hers,  that looked at

[edit: the next word is stinging, to be inserted before eyes]

him with such tenderness and pity

that it burned his skin and

made Jude look away.

More, later. As always, thanks so much for stopping by.

Big Picture Revision

Essentially, revision comes in two stages: 1) What I think of as “Big Picture” Revision; and 2) All the little details, which is really better understood as “copyediting.”

I think kids groan whenever revision is discussed for many reasons, and probably the most basic is that they want to be done; revision translates into “more work.” Who wouldn’t groan at that? But also it’s the work itself, because for so many revision overwhelmingly represents the second stage, all the boring little details; the fun is definitely over. These kids want to splash bright, bold colors on a wall . . .

. . . and we’re asking them to paint the trim. Nothing wrong with that — you’ve got to paint the trim — but I sympathize with the groans.

Sometimes when I meet with students, and we talk about revision, I remind them of the root meaning of the word, re/vision. Literally to see, again.

It’s why so many writers talk about needing to step away from the work, like a painter backing from the canvas, in order to see the work from a new perspective.

How can the story be funnier? More exciting? Of course, the essential element is that you’ve got to care, you’ve got to take pride in your work. Not every student has that feeling about his writing — and I’m not at all sure you can teach that — but I’m certain that revision is a hopeless process without pride in one’s finished product. Which is equally true for house painters.

Back in the day when I was a copywriter, I’d often send out these thirty-page packets to as many as fifteen different readers. They were all invited to make comments, criticisms, suggestions. Then I’d get all those packets returned, many covered with heart-breaking scribbles, unfriendly remarks, sentences crossed out, hacked at, sometimes improved, sometimes ruined. I’d take all those comments and have to consider each one . . . and revise.

The mental trick I learned was to intentionally try to save energy for that stage, even to the point of holding something back in the first draft; because once you think it’s perfect,¬† once you think you are done, after you’ve given 100% and all the creative energy is spent, then all those comments will crush you. So it’s important to understand the process — to know from the very beginning that, toward the end, you are going to have to paint the trim.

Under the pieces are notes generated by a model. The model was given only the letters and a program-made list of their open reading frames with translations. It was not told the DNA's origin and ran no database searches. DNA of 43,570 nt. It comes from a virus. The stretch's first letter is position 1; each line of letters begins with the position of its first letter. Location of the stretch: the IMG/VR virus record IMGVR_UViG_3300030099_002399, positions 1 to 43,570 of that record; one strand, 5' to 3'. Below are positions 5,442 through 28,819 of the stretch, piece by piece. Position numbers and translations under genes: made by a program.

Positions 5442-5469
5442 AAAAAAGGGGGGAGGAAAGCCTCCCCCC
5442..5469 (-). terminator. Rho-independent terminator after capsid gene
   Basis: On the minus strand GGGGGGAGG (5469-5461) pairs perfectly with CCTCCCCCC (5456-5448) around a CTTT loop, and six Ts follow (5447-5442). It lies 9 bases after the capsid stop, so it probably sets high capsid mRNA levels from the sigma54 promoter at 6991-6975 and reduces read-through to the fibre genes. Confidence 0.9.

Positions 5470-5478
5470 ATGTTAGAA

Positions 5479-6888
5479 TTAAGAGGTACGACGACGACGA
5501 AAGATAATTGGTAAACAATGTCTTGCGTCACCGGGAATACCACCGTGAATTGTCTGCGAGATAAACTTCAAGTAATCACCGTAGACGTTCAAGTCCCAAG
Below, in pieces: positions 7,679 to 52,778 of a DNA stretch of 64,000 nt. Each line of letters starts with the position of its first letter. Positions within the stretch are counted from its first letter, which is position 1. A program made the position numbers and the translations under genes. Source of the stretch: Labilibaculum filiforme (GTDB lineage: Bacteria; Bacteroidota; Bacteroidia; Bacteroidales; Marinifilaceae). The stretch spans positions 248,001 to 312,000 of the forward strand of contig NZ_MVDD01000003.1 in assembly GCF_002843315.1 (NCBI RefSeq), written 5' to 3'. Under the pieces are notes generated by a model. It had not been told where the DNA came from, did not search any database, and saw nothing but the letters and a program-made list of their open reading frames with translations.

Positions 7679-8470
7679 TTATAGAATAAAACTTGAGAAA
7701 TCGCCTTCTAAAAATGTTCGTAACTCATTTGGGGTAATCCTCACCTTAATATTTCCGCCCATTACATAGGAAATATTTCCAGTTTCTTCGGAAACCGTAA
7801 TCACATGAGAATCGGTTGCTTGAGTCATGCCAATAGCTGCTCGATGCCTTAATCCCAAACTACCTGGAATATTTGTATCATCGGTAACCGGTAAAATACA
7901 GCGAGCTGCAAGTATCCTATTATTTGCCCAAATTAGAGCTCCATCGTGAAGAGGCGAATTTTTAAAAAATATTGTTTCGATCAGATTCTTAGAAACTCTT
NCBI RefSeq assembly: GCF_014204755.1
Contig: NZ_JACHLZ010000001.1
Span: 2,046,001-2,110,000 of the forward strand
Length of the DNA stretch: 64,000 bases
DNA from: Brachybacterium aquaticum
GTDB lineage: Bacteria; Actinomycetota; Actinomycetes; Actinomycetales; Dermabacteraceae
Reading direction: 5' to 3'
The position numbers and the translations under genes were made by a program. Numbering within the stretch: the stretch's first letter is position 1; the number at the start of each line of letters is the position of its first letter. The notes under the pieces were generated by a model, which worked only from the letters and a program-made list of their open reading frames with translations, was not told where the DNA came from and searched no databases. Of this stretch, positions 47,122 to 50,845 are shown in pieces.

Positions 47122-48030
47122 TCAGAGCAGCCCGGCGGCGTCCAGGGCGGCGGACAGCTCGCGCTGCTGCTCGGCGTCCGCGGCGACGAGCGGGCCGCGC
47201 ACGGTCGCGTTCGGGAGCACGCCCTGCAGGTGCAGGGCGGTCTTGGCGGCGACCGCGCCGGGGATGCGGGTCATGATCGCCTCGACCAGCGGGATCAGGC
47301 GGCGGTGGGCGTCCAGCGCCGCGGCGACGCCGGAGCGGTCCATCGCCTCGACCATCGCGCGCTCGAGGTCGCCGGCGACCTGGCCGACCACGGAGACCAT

One quick example I like to give kids, because it always generates lively discussion when I ask them to revise with me: I tell them how I once wrote a scene in a Jigsaw Jones book, where he’s in the art room and needs to search someone’s desk. I wrote the chapter and it was okay enough, though maybe a little flat. In revision, at my editor’s suggestion, I tried to think of how I could make it funnier. It was a scene set in an art room. Did I have any memories of funny things that happened in school? Did I know someone who had a funny memory? And what about an art room, anyway? There’s glue!

Glue is funny. And there’s paint — paint that can spill or splatter. The comic possibilities unfurl. The paint spills on whom? Jigsaw? Big Maloney? Maybe the teacher! See: We’ve circled back, we’re brainstorming; we’re throwing around paint again.

In the end, my revision to that scene was minor, and not really hysterical; it just added an extra beat to the rhythm. But the thinking process behind the revision was fun. I enjoyed it. How do you make a scene more scary? Or move it along faster? How do you make this thing . . . better? That’s the heart of revision, an opening up of possibilities, before that final narrow focus of copyediting.

NOTE: I’m going away for a few days to visit friends. Maybe we’ll even take pictures!